Nationalized Landscape and the Cult of the Dead. The Staging of “Blood and Soil” at the Bückeberg 1933 – 1937 (2020)

Landscape narratives, cultural identity and political iconography have been of ongoing interest to me. I completed my PhD in art history on “Ephemeral Cult Sites” under the supervision of Prof. Dr. Monica Wagner, who is one of the most influential authors and researchers in the field of material studies and with Prof. Dr. Martin Warnke, one of the most renowned German art historians and author of “Political Landscape”. Based on these theories and my own research, the following text is a summary of my paper that will be included in a collection of essays, which will be published by Dr. Feryal Cubukcu (Dokuz Eylul University) and Dr. Sabine Planka (University of Siegen) in the spring of 2020 under the title “Song of Death in Paradise. Death and Garden Narratives in Literature, Art and Film” .

Introduction & Summary:

To the fascist ideology of Nazi Germany, the dead were central and omnipresent within the rituals and cults of mass celebrations that were regularly staged in the major cities. In my essay I am concentrating on how this ideology of death was conveyed in a seemingly pastoral, natural environment. My main focus hereby, is a cult site named the Bückeberg, located in an idyllic landscape in Lower Saxony in Germany that was designed to demonstrate the Reich’s superiority, ultimately however, to create a hero cult and to mobilize for war. I will elucidate how death was disseminated and trivialized, with the goal of mobilizing even the lowest level of the population for war – which was in this case the farming population.

After the Nazis seized power in 1933, huge cult sites and parade streets were laboriously created to aggressively establish visual and physical dominance.[2] Mass celebrations at these sites were to provide a commonality of experience, promote the party’s ideologies, unify national identity and quickly and permanently establish tradition and ritual.[3] The sites in Berlin, Munich and Nuremberg have since then been most widely discussed in the literature.[4] Far less attention has been devoted to those political celebrations that were not confined to architectural settings in urban areas, but were executed in the countryside like at the Bückeberg.

The largest political mass events that were staged in an open and undeveloped landscape were the annual Reichserntedankfeste (Thanksgiving celebrations). Officially designated as the Reichsbauerntag (national day of the farmers), these events proclaimed anti-modernist and antagonistic social norms and celebrated romantic agrarian notions of a preindustrial world that prevailed in propaganda, in cultural politics and in the activities of various Nazi organizations. Richard Walter Darré, one of the leading Nazi ideologists, developed the slogan “Blood and Soil”[5] to promote this idealized country life as a counterbalance to urban culture.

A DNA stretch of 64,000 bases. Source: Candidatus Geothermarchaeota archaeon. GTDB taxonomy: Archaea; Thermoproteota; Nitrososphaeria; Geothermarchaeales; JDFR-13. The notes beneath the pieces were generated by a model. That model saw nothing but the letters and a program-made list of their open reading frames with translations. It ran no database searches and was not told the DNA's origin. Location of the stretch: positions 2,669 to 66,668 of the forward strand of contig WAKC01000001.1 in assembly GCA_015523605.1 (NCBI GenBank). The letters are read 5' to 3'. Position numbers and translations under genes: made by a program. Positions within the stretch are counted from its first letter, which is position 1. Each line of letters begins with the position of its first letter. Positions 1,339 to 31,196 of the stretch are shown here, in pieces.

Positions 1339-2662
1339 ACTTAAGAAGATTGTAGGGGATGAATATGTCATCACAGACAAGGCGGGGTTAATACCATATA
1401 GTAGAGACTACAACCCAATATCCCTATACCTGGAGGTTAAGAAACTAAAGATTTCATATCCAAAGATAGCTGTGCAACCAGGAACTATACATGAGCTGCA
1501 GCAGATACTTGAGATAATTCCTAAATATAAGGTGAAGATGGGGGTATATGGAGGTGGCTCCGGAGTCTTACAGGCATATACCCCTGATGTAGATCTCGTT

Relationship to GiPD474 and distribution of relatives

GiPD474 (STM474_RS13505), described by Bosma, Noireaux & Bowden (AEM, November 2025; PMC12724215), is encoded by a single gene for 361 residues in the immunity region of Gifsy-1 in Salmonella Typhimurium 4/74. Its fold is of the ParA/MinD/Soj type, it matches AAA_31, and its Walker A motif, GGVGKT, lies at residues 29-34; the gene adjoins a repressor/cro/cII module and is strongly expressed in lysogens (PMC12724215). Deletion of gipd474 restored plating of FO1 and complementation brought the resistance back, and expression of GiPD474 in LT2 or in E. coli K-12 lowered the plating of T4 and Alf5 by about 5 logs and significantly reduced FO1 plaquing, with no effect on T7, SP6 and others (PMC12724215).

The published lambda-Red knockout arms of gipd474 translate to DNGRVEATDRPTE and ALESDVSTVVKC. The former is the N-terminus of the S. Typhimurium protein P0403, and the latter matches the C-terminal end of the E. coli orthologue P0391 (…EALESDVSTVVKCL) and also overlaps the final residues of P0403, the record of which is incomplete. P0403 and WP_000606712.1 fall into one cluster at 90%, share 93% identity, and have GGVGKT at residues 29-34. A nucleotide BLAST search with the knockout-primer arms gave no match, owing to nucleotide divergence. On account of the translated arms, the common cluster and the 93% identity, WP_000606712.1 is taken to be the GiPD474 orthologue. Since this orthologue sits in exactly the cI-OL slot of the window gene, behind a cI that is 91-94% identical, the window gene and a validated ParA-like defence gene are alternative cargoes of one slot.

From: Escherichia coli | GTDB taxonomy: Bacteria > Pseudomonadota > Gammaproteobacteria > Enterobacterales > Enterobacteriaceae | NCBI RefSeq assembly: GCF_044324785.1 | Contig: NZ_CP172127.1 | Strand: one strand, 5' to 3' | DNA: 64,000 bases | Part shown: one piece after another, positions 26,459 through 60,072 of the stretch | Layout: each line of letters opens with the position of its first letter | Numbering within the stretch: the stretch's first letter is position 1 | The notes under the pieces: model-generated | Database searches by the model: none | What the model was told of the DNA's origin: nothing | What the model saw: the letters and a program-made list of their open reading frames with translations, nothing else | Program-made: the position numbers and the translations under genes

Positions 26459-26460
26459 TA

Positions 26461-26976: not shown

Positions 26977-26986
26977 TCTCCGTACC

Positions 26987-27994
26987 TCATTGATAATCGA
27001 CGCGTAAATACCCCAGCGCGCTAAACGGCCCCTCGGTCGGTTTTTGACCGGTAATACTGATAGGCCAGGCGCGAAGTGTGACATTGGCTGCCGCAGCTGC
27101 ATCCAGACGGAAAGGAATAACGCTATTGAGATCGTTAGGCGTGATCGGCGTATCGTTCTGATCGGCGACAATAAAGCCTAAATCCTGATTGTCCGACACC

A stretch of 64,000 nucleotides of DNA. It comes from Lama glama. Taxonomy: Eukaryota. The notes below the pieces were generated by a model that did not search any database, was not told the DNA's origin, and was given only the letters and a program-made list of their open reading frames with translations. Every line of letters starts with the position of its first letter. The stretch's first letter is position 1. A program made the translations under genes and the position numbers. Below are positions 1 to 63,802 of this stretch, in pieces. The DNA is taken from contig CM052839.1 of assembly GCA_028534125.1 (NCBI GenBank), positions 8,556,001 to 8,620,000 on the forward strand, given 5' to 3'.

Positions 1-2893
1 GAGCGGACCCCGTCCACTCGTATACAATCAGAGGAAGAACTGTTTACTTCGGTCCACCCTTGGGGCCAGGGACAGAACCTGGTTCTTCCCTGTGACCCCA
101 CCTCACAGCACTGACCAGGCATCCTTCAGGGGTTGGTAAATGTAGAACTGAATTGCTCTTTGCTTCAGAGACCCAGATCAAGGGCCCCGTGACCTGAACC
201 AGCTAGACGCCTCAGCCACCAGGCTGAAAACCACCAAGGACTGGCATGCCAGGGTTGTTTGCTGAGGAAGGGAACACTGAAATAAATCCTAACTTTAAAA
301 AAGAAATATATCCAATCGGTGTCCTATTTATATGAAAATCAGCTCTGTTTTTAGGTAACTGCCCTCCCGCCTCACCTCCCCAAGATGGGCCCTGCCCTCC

The Reichsarchitekt Albert Speer chose the Bückeberg, which is a large and capacious hill situated in a geographical triangle of the towns Hameln, Goslar and Hannover, as the central location for the extensive festivities. The hill was structurally and geographically an open area that could incorporate nature and even occupy it in its entirety. This concept of utilizing nature stood diametrically opposed to the otherwise isolated structures of the major cities, where green spaces and trees often fell victim to these grand redevelopment plans, making space for materials like concrete and stone. Public gardens and parks soon became places of separation, stigmatisation and discrimination.[6] In contrast, traversable landscape – not an enclosed park or the garden[7] – was to be elevated to a place where art and nature met for the benefit of a patriotic nature experience.[8]

In this context, the Bückeberg’s idyllic landscape components, like the “gently rolling” hills or the “eternally flowing river Weser that only ran through German territory” were diligently promoted in contemporary publications.[9] “German Regions” and the “German Forest” had already been established as bearers of a national sentiment since the 19th century[10] but now this connotation was being extended to imply mystical magnificence and eternal values of a superior Germanic heritage.

Even the construction materials of this cult site reflected these ideologies by being created from organic, indigenous materials, natural textures and irregular shapes and forms. The predominant design principle was hereby to create integral components to mirror, even expand, the natural surroundings – similar to the structural principles and the vocabulary of absolutist Baroque architecture, garden and urban design.[11] Central authoritarian monuments were connected with a network of axes with the topography of the landscape, which enabled these political meanings to be imposed onto its surroundings, hence, traversing the terrain itself with “a symbolic geography.”[12]